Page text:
Starbucks’ new cup sparks controversy

Rhiannon Stroberg, Features Editor

A nationwide controversy took place on social media sites after the popular coffee chain Starbucks released their highly anticipated holiday red cup, which was literally an ombré tinted red cup rather than the traditional Christmas themed cups.

Bakersfield College students expressed their opinions about the trending online topic.

“I don’t go to Starbucks, so I don’t care,” said nursing major Ijeoma Ojukwu, 33. “I make my coffee at home.”

Human biology major, Aleena Paiz, 18, said, “I think it’s just a red cup. It’s just Starbucks’ way of its Christmas cup. I don’t go to Starbucks very often, so the cup thing doesn’t matter; people over-think things. It is what it is, but it’s their opinion. No one should care about it, though.”

“I think it shouldn’t matter,” child development major Ashley Mariscal, 20, said. “It’s just a cup. There’s more important problems in the world that should be addressed rather than a stupid red cup.”

The majority of the backlash occurred after social media personality Joshua Feuerstein, a self-described “disciple of Jesus,” posted a video, which went viral, about how Starbucks was removing Christ and Christmas from their traditional holiday cups, imposing that Starbucks is contributing to waging a war on American Christians.

Feuerstein was also responsible for declaring that a “Christian holocaust” began once Kentucky clerk Kim Davis was arrested for refusing to sign a gay marriage license.

Feuerstein encouraged people to indicate to Starbucks employees that their name was Merry Christmas to see if the employees would adhere to their requests. Feuerstein told people to post their results to social media sites under “#MerryChristmasStarbucks.”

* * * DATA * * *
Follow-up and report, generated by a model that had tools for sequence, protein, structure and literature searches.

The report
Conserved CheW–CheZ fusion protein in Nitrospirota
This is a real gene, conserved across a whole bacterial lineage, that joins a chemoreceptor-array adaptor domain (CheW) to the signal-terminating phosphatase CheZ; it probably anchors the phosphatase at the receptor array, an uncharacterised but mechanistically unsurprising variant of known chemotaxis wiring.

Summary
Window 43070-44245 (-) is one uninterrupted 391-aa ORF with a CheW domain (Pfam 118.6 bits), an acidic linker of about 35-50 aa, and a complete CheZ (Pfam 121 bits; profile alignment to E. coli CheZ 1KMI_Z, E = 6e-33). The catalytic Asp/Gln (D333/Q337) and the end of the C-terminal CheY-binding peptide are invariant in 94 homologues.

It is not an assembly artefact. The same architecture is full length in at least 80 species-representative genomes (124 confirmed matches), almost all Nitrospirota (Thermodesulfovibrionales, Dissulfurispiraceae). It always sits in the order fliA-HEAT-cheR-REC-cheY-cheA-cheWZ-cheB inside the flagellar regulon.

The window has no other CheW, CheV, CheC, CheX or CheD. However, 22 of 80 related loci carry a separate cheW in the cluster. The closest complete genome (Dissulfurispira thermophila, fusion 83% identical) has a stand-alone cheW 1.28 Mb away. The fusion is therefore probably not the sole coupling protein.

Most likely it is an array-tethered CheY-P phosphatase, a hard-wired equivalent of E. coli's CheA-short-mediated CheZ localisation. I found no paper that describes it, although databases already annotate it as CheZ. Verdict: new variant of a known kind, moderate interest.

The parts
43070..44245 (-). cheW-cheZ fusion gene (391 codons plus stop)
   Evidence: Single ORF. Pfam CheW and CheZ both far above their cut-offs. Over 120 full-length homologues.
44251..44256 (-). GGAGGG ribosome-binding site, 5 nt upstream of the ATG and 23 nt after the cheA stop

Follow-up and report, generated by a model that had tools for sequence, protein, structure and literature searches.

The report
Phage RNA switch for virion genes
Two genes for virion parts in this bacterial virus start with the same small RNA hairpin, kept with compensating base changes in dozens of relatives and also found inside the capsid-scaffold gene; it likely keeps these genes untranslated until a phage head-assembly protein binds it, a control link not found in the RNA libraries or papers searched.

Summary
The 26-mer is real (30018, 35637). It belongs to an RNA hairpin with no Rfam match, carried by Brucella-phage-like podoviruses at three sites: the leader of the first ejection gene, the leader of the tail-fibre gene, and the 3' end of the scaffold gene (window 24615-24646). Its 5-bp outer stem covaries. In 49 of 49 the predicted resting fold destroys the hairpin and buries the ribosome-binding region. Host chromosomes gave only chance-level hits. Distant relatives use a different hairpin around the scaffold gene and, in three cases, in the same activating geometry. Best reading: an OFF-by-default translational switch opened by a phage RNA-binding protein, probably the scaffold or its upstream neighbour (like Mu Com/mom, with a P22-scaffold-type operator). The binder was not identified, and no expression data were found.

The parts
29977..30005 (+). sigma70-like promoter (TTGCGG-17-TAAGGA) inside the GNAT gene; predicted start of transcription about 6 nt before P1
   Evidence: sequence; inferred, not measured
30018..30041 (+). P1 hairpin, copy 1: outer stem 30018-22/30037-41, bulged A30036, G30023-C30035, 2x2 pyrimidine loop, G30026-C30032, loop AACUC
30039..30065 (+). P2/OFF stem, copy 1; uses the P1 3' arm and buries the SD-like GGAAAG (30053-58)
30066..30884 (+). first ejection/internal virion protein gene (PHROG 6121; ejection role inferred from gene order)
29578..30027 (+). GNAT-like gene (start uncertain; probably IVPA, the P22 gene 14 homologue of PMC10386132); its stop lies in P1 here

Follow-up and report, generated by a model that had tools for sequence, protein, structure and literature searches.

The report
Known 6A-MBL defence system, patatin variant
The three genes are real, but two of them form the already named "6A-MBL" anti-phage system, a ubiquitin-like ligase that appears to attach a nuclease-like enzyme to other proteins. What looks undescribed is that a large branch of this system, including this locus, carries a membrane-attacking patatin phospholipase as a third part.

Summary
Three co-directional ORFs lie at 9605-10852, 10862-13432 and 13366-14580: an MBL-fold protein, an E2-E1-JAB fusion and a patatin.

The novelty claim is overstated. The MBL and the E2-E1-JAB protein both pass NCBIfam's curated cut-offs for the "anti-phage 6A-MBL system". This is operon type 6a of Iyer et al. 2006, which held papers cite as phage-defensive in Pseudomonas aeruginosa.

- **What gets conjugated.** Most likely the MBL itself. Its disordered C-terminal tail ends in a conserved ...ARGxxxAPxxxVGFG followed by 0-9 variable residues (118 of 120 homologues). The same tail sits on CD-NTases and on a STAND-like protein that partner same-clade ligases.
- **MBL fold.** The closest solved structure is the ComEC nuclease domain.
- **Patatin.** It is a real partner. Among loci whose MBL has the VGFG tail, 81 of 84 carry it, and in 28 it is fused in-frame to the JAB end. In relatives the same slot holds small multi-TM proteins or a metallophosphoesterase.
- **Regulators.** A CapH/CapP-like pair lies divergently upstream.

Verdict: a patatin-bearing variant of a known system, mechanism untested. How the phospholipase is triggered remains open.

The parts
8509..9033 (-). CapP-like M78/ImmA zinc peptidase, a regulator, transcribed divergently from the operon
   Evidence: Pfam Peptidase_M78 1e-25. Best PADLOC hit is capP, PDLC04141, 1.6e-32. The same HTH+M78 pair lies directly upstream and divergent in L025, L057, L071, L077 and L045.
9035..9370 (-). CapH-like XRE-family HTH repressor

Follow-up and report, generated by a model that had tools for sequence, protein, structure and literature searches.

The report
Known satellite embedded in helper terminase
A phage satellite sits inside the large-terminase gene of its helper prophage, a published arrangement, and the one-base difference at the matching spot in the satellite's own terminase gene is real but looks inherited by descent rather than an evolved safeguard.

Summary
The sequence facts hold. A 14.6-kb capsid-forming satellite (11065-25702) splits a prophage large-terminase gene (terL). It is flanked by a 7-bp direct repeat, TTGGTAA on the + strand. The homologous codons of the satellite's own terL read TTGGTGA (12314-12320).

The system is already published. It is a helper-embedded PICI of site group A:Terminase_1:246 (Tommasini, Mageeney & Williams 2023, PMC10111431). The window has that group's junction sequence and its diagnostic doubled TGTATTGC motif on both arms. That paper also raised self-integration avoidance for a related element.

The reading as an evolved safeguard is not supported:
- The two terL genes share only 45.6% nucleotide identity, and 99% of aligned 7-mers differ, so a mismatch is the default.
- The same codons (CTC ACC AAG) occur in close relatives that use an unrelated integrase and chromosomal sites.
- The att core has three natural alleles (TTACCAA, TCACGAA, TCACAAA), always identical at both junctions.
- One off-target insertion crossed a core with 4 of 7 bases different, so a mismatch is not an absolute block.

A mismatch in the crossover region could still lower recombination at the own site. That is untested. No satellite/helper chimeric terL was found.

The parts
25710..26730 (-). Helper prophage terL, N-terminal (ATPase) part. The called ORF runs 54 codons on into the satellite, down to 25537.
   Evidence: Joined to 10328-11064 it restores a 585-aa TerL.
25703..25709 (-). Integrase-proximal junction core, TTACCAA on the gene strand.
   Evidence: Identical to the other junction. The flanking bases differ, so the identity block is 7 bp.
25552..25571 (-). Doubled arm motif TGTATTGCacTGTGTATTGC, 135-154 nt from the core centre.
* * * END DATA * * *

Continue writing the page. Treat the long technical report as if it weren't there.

Bakersfield resident Kimberly Coon, 22, stated that after watching Feuerstein’s video, she was curious to see if Starbucks would refuse to write her name as Merry Christmas as the video stated.

“I personally don’t have a problem with their new holiday cup, I’m pretty obsessed with the color this year,” said Coon. “But they actually didn’t do it. He [the barista] just rolled his eyes and wrote ‘Mary.’”

Coon believes that the whole cup situation is being blown up for no reason, and that she doesn’t have a personal vendetta against Starbucks because, after all, “It’s just a cup,” she said.

Several people who believed that the uproar was unnecessary and ridiculous didn’t hold back from their opinions by posting their response under “#ItsJustaCup.”

The red cup controversy was such a big trending topic on social media that presidential candidate Donald Trump weighed in by saying, “I have one of the most successful Starbucks in Trump Tower. Maybe we should boycott Starbucks? I don’t know. Seriously, I don’t care. That’s the end of that lease, but who cares?”

Trump went on to say, “If I become president, we’re all going to be saying Merry Christmas again, that I can tell you. That I can tell you.”

Regardless of what Trump said, Coon doesn’t plan on boycotting Starbucks anytime soon.

“I love Starbucks,” she said. “They are against many things, like our troops among other things I support, but at the end of the day, I still love their drinks.”

A Starbucks representative addressed the issue by saying, “In response to the video, our core values as a company is to create a culture of belonging, inclusion and diversity. Each year during the holidays we aim to bring our customers an experience that inspires the spirit of the season and we will continue to embrace and welcome customers from all backgrounds and religions in our stores around the world.”